The Olympic champion and ATP Finals winner is just lacking a grand slam title to confirm to the wider sporting world his status as one of the rising generation's preeminent performers. Zverev beat Djokovic in semi-finals en route to both of those big 2021 titles, and although he also lost three times to the 20-time major winner over the season, he took four sets off the man from Belgrade in those defeats.

Zverev is improving season on season, and if he avoids injuries or other tribulations in 2022 then he surely stands a strong chance of picking up that first slam before the year is out. He won six titles in all in 2021, more than any other singles player on the ATP Tour, and holds a 43-10 win-loss record on hardcourts on the 52-week rolling list.

When the draw was made, he and Djokovic were set on another semi-final collision course, and that prospect looked tantalising. Until recently so far apart, the gap has closed considerably, Zverev tallying victories that will have surely troubled the world number one.

NOT READY TO BE YESTERDAY'S MAN: RAFAEL NADAL

Because why the heck not? Nadal, at the age of 35, returned from a long foot injury lay-off with a title at the Melbourne Summer Set tournament this month, and if his record at the Australian Open is deemed unspectacular by some, the Spaniard himself takes great pride in his achievements.

Recently, in a Melbourne news conference, he was asked why he had not reached the semi-finals of the Australian Open since his title year, and Nadal swiftly put his questioner right.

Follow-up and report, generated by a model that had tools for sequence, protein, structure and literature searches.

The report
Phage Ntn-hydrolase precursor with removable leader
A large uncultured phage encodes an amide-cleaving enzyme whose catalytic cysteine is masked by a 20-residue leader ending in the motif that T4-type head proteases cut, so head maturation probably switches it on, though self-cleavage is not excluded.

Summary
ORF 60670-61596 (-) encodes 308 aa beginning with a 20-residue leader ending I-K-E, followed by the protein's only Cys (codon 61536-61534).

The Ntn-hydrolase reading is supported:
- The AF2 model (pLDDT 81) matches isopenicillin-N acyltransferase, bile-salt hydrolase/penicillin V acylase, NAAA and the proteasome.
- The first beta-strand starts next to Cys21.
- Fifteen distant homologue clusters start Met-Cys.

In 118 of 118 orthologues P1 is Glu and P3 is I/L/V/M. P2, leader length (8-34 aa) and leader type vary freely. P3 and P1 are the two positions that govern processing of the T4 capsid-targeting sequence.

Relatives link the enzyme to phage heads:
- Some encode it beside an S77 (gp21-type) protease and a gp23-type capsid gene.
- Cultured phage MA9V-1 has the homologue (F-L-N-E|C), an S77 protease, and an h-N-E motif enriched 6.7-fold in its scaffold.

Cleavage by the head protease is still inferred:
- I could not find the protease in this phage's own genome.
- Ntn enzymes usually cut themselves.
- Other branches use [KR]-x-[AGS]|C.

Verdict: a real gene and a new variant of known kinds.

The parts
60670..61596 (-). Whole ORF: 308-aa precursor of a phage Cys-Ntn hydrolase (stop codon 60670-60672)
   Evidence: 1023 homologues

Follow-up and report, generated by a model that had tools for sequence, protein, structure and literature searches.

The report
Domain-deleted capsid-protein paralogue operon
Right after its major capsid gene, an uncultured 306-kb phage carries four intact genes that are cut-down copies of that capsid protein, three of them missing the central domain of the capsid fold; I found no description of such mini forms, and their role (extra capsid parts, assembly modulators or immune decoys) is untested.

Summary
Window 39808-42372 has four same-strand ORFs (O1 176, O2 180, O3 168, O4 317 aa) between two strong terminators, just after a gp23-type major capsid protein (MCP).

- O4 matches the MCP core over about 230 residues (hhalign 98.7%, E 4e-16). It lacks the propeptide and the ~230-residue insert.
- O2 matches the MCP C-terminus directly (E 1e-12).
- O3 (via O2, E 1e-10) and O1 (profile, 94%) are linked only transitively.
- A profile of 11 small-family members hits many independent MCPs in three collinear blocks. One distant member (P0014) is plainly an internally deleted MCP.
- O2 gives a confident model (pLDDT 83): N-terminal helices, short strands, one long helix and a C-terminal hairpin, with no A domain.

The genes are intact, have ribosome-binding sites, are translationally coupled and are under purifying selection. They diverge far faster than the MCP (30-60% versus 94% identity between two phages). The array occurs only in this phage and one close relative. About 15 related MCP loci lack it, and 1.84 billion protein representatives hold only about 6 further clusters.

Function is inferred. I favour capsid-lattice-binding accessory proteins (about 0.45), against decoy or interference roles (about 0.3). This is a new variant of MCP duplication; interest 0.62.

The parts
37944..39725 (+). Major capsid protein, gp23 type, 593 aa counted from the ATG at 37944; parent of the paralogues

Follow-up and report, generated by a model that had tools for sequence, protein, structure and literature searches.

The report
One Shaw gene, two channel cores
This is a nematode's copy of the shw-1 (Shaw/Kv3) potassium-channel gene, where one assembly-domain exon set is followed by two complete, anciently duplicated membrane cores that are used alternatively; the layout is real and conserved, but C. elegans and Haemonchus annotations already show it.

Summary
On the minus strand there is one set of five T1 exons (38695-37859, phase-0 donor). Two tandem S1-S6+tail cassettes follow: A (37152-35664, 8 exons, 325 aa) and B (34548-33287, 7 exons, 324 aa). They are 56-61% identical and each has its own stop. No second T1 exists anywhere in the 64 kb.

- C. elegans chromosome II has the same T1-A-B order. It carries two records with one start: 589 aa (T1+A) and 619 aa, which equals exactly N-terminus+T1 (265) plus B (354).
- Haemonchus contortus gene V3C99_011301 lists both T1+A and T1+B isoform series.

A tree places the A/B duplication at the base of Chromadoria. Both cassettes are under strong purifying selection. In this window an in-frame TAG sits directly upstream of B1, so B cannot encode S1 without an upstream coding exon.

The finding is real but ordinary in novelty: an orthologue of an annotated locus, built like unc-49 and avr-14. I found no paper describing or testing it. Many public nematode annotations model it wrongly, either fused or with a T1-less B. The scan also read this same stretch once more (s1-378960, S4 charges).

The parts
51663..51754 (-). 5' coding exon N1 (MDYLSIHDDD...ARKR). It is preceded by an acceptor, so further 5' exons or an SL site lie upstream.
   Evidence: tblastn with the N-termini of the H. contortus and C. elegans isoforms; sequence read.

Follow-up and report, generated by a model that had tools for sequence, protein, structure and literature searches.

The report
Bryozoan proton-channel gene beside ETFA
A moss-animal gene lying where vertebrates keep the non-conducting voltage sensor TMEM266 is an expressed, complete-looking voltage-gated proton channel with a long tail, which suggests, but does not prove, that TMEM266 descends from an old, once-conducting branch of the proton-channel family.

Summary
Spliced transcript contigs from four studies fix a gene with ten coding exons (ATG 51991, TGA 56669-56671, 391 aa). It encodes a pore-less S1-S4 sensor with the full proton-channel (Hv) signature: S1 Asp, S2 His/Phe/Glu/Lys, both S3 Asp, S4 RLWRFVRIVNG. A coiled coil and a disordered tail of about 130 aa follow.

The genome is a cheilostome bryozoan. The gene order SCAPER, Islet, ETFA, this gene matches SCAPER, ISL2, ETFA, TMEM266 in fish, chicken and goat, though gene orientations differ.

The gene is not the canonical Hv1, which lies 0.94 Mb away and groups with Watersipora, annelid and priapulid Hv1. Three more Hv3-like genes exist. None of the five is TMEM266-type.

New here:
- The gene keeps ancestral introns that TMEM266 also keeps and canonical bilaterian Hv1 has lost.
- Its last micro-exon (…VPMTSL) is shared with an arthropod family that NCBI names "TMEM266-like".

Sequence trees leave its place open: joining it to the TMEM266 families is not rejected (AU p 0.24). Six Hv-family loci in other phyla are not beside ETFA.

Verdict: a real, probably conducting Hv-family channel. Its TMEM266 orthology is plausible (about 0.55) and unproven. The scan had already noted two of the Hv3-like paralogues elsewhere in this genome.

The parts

"I am very sorry to tell you – I don't want to – but I have been in the final of 2012, '14, '17, '19," he said. "I got injured a couple of times here in my tennis career, so of course it's been a great tournament for me, and of course I had a lot of challenges in terms of injuries in this event. Sorry to correct you."

Polite as ever, but pointed. Nadal knows he has been successful in Australia and would surely not have returned this year if he felt there was no chance of another run to the final. He rightly takes issue with those who forget his feats. Remember, he, like Djokovic and Federer, sits on 20 grand slams.

Nadal reached the quarter-finals last year and lost from two sets up against Stefanos Tsitsipas, so he will want to banish that memory. There is little evidence of hard-court form beyond his win in a mediocre field last week in Melbourne, but he is Rafael Nadal and he wins tennis tournaments. At least one every year since 2004. A 6-8 record against rival top-10 players over the past 52 weeks is no great shakes, but you count out Nadal at your peril.

 

NEXTGEN OR NEXT NEW CHAMP? JANNIK SINNER